1. 15.2.1. Installing the Frameworks
        1. 15.2.1.1. Downloading the Frameworks
        2. 15.2.1.2. Adding the Frameworks to Your Pages
      2. 15.2.2. Testing the Frameworks
        1. 15.2.2.1. Testing Your jQuery Installation
        2. 15.2.2.2. Testing Your Prototype Installation
        3. 15.2.2.3. Testing Your MooTools Installation
    3. 15.3. Digging Deeper Into jQuery
      1. 15.3.1. Selecting Elements
      2. 15.3.2. Changing Style
        1. 15.3.2.1. Using Multiple CSS classes
        2. 15.3.2.2. Using the toggleClass Method
        3. 15.3.2.3. Using the hasClass Method
      3. 15.3.3. Creating, Appending, and Removing Elements
        1. 15.3.3.1. Creating Elements
        2. 15.3.3.2. Appending Elements
        3. 15.3.3.3. Removing Elements
      4. 15.3.4. The jQuery Event Model and Handling Events
      5. 15.3.5. Rewriting the DHTML Toolbar with jQuery
      6. 15.3.6. Using jQuery for Ajax
        1. 15.3.6.1. Understanding the jQuery Function
        2. 15.3.6.2. Using jQuery's Ajax Event Handling
        3. 15.3.6.3. Sending Multiple Parameters
    4. 15.4. Diving into Prototype
      1. 15.4.1. Retrieving Elements
        1. 15.4.1.1. Selecting Elements With CSS Selectors
        2. 15.4.1.2. Performing an Operation on Elements Selected With $$()
      2. 15.4.2. Manipulating Style
      3. 15.4.3. Creating, Inserting, and Removing Elements
        1. 15.4.3.1. Creating an Element
        2. 15.4.3.2. Inserting an Element
        3. 15.4.3.3. Removing an Element
      4. 15.4.4. Using Events
      5. 15.4.5. Rewriting the DHTML Toolbar with Prototype
      6. 15.4.6. Using Ajax Support
    5. 15.5. Delving into MooTools
      1. 15.5.1. Finding Elements
      2. 15.5.2. Altering Style
      3. 15.5.3. Creating, Inserting, and Removing Elements
      4. 15.5.4. Using and Handling Events
      5. 15.5.5. Rewriting the DHTML Toolbar with MooTools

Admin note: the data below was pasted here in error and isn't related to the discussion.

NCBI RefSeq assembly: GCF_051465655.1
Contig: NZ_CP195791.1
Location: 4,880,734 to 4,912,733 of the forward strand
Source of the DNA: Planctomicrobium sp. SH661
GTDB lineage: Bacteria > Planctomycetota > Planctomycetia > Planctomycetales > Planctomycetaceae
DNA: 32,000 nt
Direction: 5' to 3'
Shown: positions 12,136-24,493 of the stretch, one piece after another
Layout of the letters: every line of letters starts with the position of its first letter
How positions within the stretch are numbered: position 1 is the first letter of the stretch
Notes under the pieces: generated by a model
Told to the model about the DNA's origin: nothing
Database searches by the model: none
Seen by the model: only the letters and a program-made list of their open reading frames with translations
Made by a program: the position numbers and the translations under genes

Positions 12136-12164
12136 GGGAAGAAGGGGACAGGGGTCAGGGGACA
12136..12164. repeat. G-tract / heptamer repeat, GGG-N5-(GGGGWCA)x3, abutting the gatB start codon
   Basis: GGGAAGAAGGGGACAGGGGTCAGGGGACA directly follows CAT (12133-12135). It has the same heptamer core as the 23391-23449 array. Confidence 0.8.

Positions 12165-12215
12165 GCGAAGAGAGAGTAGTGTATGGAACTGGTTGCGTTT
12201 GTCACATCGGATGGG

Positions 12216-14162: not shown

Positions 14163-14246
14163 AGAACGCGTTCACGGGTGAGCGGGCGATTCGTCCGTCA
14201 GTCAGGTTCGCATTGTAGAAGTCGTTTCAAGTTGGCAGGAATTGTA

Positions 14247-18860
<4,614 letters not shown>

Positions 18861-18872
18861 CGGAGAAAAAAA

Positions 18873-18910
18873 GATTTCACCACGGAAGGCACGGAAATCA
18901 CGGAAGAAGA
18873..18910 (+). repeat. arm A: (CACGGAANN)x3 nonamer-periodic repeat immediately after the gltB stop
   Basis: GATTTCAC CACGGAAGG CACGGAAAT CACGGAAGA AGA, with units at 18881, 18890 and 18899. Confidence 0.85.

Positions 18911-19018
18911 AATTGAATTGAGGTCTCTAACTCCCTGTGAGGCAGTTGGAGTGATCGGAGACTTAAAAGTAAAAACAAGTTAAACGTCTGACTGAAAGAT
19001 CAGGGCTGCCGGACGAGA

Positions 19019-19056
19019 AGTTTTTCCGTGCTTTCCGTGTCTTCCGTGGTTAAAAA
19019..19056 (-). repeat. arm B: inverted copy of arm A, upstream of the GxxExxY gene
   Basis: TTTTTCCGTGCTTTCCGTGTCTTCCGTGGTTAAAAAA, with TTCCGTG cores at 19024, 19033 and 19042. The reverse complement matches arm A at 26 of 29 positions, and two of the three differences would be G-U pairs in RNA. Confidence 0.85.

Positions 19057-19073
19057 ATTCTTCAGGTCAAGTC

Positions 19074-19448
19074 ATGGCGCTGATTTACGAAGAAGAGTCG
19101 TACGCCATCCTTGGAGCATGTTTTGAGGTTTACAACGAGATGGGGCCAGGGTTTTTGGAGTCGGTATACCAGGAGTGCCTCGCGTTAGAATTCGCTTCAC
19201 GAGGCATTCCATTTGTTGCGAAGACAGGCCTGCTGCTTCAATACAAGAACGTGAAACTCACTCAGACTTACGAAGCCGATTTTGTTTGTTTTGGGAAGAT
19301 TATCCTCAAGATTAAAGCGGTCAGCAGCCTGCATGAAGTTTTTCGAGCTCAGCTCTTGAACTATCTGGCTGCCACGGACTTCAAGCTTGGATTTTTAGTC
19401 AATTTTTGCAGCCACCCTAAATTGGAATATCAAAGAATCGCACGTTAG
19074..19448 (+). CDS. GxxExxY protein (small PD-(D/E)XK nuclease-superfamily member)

6. 15.5.6. Ajax Support in MooTools
    6. 15.6. Summary
    7. 15.7. Exercise Questions
  21. A. Answers to Exercises
    1. A.1. Chapter 2
      1. A.1.1. Exercise 1 Question
      2. A.1.2. Exercise 1 Solution
      3. A.1.3. Exercise 2 Question
      4. A.1.4. Exercise 2 Solution
    2. A.2. Chapter 3
      1. A.2.1. Exercise 1 Question
      2. A.2.2. Exercise 1 Solution
      3. A.2.3. Exercise 2 Question
      4. A.2.4. Exercise 2 Solution
      5. A.2.5. Exercise 3 Question
      6. A.2.6. Exercise 3 Solution
      7. A.2.7. Exercise 4 Question
      8. A.2.8. Exercise 4 Solution
    3. A.3. Chapter 4
      1. A.3.1. Exercise 1 Question
      2. A.3.2. Exercise 1 Solution
      3. A.3.3. Exercise 2 Question
      4. A.3.4. Exercise 2 Solution
    4. A.4. Chapter 5
      1. A.4.1. Exercise 1 Question
      2. A.4.2. Exercise 1 Solution
      3. A.4.3. Exercise 2 Question
      4. A.4.4. Exercise 2 Solution
      5. A.4.5. Exercise 3 Question
      6. A.4.6. Exercise 3 Solution
    5. A.5. Chapter 6
      1. A.5.1. Exercise 1 Question
      2. A.5.2. Exercise 1 Solution
      3. A.5.3. Exercise 2 Question
      4. A.5.4. Exercise 2 Solution
      5. A.5.5. Exercise 3 Question
      6. A.5.6. Exercise 3 Solution
    6. A.6. Chapter 7
      1. A.6.1. Exercise 1 Question
      2. A.6.2. Exercise 1 Solution
      3. A.6.3. Exercise 2 Question
      4. A.6.4. Exercise 2 Solution
    7. A.7. Chapter 8
      1. A.7.1. Exercise 1 Question
      2. A.7.2. Exercise 1 Solution
      3. A.7.3. Exercise 2 Question
      4. A.7.4. Exercise 2 Solution
    8. A.8. Chapter 9
      1. A.8.1. Exercise 1 Question
      2. A.8.2. Exercise 1 Solution
      3. A.8.3. Exercise 2 Question
      4. A.8.4. Exercise 2 Solution
      5. A.8.5. Exercise 3 Question
      6. A.8.6. Exercise 3 Solution